Clinical Information

Laboratory tests

Depending on what medication therapy you are on and during the early phase of your treatment, and periodically thereafter, I will order lab tests to determine the level of medication present in your blood. Everyone absorbs and metabolizes drugs differently, and I will have to examine your drug level lab tests and adjust your dosage to obtain the optimum level of the drug in your blood.

This applies to medications that I commonly use that have clinically useful blood levels. Blood levels are believed to be proportional to brain levels, which we currently cannot easily measure.

Drug blood levels are always done 12 hours after the last dose, at least seven days after any dosage changes, up or down. This assumes you are taking your meds faithfully, and you haven’t missed a dose recently. Fasting before a lab test is only required for blood sugars, cholesterol, and triglyceride testing.

If you are interested, you can also follow your blood levels as I titrate them with you. The goal of medication titration is to get your medication blood levels into the therapeutic range, so there is enough of the medication in your blood to produce a positive result, and not so much that the drug becomes toxic or has severe side effects. Therapeutic ranges for drugs (TSH stands for "thyroid stimulating hormore," and is not a drug) typically used in therapy are as follows:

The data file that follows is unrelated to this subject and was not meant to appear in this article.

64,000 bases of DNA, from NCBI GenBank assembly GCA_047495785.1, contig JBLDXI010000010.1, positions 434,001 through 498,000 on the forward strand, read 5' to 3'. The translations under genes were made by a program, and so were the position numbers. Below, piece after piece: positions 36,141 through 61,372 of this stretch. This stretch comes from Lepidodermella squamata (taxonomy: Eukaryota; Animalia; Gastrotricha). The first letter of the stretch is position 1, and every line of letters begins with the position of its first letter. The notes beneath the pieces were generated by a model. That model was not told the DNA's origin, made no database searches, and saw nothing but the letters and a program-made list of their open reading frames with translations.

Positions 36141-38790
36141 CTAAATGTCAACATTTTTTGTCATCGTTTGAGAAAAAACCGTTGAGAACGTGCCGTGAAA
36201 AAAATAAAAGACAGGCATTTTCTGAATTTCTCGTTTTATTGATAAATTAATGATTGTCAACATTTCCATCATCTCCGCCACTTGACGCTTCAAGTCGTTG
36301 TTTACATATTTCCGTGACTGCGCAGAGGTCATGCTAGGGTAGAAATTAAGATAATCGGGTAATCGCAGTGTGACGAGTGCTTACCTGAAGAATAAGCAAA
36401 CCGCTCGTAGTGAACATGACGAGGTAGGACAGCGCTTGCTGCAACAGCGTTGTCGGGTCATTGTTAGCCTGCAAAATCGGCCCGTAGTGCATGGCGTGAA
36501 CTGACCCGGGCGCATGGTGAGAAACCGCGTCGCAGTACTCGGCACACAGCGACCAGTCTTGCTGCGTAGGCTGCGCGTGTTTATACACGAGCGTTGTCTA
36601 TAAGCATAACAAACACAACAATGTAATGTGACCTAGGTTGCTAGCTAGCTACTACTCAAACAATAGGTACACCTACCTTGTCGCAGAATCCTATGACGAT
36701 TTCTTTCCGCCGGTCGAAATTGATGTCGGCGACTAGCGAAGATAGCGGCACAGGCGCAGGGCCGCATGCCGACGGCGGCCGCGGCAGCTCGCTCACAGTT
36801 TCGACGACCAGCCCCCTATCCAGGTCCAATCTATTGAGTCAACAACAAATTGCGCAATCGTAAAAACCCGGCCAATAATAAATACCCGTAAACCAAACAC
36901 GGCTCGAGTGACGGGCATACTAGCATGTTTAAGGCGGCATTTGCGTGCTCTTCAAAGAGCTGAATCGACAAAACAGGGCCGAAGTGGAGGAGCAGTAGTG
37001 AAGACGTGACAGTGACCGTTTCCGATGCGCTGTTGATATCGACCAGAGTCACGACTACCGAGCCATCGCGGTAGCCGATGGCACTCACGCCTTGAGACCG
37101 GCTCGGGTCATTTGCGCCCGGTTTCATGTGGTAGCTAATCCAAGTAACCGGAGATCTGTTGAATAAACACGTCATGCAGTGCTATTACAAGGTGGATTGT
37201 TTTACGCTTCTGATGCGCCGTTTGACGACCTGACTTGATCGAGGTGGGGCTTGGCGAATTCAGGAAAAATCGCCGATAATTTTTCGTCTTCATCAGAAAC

Drug Therapeutic level
Anafranil/clomipramine 220 to 500 ng/mL
Depakote/valproic acid 50 to 100 ug/mL
Elavil/amitryptyline 120 to 150 ngl/L
Lamictal/lamotrigine 3.0 to 14.0 mcg/mL
lithium 0.5 to 1.0 mmol/L
Tegretol/carbamazepine 4.0 to 12.0 ug/mL
Tofranil/imipramine 150 to 300 ng/mL
Trileptal/oxcarbazepine 3 to 35 mcg/mL
TSH (thyroid test) 0.45 to 5.10 ulU/mL



You should take all of your medications after eating, unless otherwise instructed. An exception to this rule is with thyroid medications, which should be taken on an empty stomach, at least one hour before eating or drinking anything besides water.

Additionally, because some psychiatric medications may increase your appetite, it is crucial that you eat a healthy diet and exercise in order to prevent weight gain.

Patient self-monitoring

At each appointment, Tim administers two psychological tests to measure depression and anxiety levels. If you are interested, you can keep track of your depression and anxiety scores over time. Tim charts these in an Excel spreadsheet. If you are interested in seeing your current and previous test scores, as well as your vital signs (weight, blood pressure, and heart rate), ask Tim for a copy of this spreadsheet. He can print one for you to take with you.

Optimum test scores are as follows (the lower, the better):

Depression 4 or less
Anxiety 4 or less
PTSD 50 or less